Oysters get even better in cooler weather

Published: Thursday, December 5, 2013 at 09:35 AM.

The oyster reef becomes a habitat for other sea life and as more larval oysters attach and grow, the oyster reef becomes an oasis of solid substrate in the middle of a muddy plain that would be otherwise unsuitable for other species that also require a solid base for attachment. Some examples of other organisms that inhabit an oyster bar include the stone crab (Menippe mercenaria), barnacles (Balanus spp.), the Atlantic slipper shell (Crepidula fornicata), anemones, serpulid worms, and the hooked mussel (Brachidontes reourus). Doubtless as you dined on a platter of raw oysters, you have noticed a tiny mussel or two still attached to an oyster shell. All this life on the oyster reef attracts fish that come to pick off a tasty crab or worm, and bigger fish to feed on the smaller fish. In this way, an oyster bar increases the richness and diversity of life in a bay.

The oyster reefs also alter the flushing rates and sediment transport out of the marshes and estuaries. Without the oysters to impede the flow, currents pull valuable nutrients away. In studies at the University of Georgia’s Marine Institute on Sapelo Island, it was found that more than eight tons of sediment can be dropped by an acre of oysters in just 11 days. The nutrients that the oysters concentrate are returned to the bays by the animals that seek refuge and feed on the detritus around the oyster bars.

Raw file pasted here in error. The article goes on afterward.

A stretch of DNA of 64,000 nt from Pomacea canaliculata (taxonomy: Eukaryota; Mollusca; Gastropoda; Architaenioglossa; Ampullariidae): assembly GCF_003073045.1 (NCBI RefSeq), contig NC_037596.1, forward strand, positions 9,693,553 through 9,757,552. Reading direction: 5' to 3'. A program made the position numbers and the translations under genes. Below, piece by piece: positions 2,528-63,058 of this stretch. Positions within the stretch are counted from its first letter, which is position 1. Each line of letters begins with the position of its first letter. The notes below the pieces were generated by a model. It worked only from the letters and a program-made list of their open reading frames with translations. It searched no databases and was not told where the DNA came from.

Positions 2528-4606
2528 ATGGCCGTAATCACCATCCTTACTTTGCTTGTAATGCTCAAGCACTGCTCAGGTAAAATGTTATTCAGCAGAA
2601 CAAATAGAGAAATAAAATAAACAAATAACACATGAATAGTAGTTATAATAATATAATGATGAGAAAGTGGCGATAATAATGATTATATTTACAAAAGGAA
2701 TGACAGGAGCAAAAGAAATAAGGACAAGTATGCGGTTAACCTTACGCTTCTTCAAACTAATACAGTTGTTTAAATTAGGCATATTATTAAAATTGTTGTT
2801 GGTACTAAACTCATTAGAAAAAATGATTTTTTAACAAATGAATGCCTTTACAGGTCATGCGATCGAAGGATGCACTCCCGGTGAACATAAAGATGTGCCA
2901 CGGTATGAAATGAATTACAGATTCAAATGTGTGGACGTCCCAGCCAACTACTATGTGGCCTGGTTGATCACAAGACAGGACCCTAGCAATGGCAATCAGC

Whether you love the unique taste of oysters in your Thanksgiving dressing or never touch the animal, there are oyster bars that are important to you. They are the oyster bars in the neighboring bays and they are an important part of the whole system that brings seafood to your table and clean water to your beaches.Although our oysters of the Atlantic and Gulf coasts do not produce pearls like the Pacific oyster, the importance of oysters to the health of the sea is more valuable than pearls are to queens.

Tom Baird has been a fisheries biologist, high school and community college teacher (oceanography and microbiology), director of a science and environmental center, teacher of science and principal in Pinellas County as well as an educational consultant. He retired from the Florida Department of Education and he and his wife divide their time between Tallahassee and Cape San Blas.



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